Canada Loses Jobs But Unemployment Drops To 7% Lowest Since 2008

Filed under: International,Labor,News,The Economy,Unemployment |

Canadian employment fell in January following 12-months of robust job growth, including two consecutive months of employment increases. Despite this, Canada’s unemployment rate dropped one-tenth of a point to 7%, the lowest since December 2008.

Canada lost about 21,900 jobs in January.

Canada's unemployment rates is 7%

Nearly all of the job losses were full-time jobs in the provinces of Ontario and British Columbia.

The result was weaker than economists had expected.

Number Job Seekers Drop, Holding Down Unemployment

A drop in the number of people looking for work pulled the unemployment rate down 0.1 percentage points to 7%.

Nearly 58,000 Canadians left the workforce or stopped looking for employment in January 2013. It was the nation’s largest labor market exodus since 1995.

Compared with the same period in 2012, full-time employment increased by 1.6%.

Analysts said the previous two-month’s gain of 100,000 jobs and the 12-month gain of 286,000 jobs seemed unsustainable given the softness of the Canadian economy during the second half of 2012.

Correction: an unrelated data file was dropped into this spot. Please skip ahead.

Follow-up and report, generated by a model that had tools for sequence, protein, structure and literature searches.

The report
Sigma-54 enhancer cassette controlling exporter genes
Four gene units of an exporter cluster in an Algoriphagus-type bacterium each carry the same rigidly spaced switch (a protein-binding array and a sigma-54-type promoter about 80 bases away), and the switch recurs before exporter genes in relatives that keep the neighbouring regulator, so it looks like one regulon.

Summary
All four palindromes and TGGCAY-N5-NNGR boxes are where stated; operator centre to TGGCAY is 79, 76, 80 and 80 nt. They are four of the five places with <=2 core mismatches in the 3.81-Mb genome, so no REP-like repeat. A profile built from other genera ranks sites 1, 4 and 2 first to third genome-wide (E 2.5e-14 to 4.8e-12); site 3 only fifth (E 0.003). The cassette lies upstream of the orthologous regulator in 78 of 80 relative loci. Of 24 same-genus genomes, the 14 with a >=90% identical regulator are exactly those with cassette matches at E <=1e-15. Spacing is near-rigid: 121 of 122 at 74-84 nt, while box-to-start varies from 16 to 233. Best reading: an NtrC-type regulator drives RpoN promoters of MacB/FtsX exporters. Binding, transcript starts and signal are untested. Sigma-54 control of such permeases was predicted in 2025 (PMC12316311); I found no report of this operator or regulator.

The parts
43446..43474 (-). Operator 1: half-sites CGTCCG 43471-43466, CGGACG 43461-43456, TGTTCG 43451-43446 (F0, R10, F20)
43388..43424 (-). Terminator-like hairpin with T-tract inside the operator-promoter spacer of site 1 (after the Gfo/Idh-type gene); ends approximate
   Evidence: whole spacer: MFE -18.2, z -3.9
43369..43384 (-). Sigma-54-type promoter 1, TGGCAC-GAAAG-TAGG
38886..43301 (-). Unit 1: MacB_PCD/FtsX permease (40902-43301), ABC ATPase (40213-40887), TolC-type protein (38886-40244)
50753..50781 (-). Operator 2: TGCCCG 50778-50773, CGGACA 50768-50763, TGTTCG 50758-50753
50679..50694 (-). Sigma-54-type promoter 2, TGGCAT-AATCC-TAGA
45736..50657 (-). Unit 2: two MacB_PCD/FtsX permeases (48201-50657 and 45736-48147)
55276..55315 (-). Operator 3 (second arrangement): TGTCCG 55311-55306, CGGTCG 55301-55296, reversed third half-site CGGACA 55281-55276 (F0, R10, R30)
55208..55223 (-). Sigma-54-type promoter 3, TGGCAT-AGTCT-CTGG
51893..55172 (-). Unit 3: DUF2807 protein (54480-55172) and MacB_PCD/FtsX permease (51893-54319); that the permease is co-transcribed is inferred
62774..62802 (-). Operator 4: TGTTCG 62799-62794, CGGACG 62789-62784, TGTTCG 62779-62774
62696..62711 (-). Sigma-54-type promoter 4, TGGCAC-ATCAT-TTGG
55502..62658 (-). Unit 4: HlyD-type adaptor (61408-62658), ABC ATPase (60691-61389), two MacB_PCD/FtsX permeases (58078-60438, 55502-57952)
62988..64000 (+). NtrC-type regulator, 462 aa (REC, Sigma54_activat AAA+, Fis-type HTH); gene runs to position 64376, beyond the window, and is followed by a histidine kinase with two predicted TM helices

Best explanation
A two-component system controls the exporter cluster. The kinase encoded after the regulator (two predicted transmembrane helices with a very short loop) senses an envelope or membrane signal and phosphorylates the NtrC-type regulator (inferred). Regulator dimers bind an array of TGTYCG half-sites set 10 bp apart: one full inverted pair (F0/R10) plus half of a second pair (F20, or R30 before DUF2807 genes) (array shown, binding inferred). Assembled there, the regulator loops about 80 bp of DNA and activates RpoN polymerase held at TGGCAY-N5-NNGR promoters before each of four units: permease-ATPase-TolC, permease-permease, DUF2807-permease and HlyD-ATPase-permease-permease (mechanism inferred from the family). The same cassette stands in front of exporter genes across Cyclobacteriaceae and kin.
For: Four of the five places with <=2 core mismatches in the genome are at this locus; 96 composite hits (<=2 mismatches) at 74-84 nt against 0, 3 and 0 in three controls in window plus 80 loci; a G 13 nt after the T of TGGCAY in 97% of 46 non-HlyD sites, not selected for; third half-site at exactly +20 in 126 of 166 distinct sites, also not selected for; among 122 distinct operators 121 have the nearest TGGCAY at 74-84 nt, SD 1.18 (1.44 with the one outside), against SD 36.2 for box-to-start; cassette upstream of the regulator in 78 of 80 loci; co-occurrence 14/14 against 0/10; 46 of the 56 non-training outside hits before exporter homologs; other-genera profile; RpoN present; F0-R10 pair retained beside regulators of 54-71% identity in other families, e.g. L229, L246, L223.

Statistics Canada reported that exports fell 2.1% in December 2012, continuing a trend in a part of the economy that account for about one third of Canada’s economic output.

“Combined with the steep drop in housing starts as well as the still-wide trade deficit, the jobs report rounds out a day of infamy for Canadian economic stats,” said Douglas Porter, chief economist with BMO Capital Markets, told the Calgary Herald.

“To some extent, the drop in jobs appears to be a payback for the surprising strength in the second half of last year, and would normally be little cause for concern,” said Porter. “However, with housing softening notably, and consumers and governments not in much mood, or ability, to spend, the economy will need a major helping hand from a stronger U.S. performance in the year ahead to help generate renewed job gains.”

Employment in oil-rich western Canada continued to show strength.

Alberta’s unemployment rate was unchanged in January at 4.5%. That was second only to Saskatchewan’s 4% unemployment rate, according to Statistics Canada.

Alberta and Saskatchewan added 9,700 and 7,300 jobs respectively in January.

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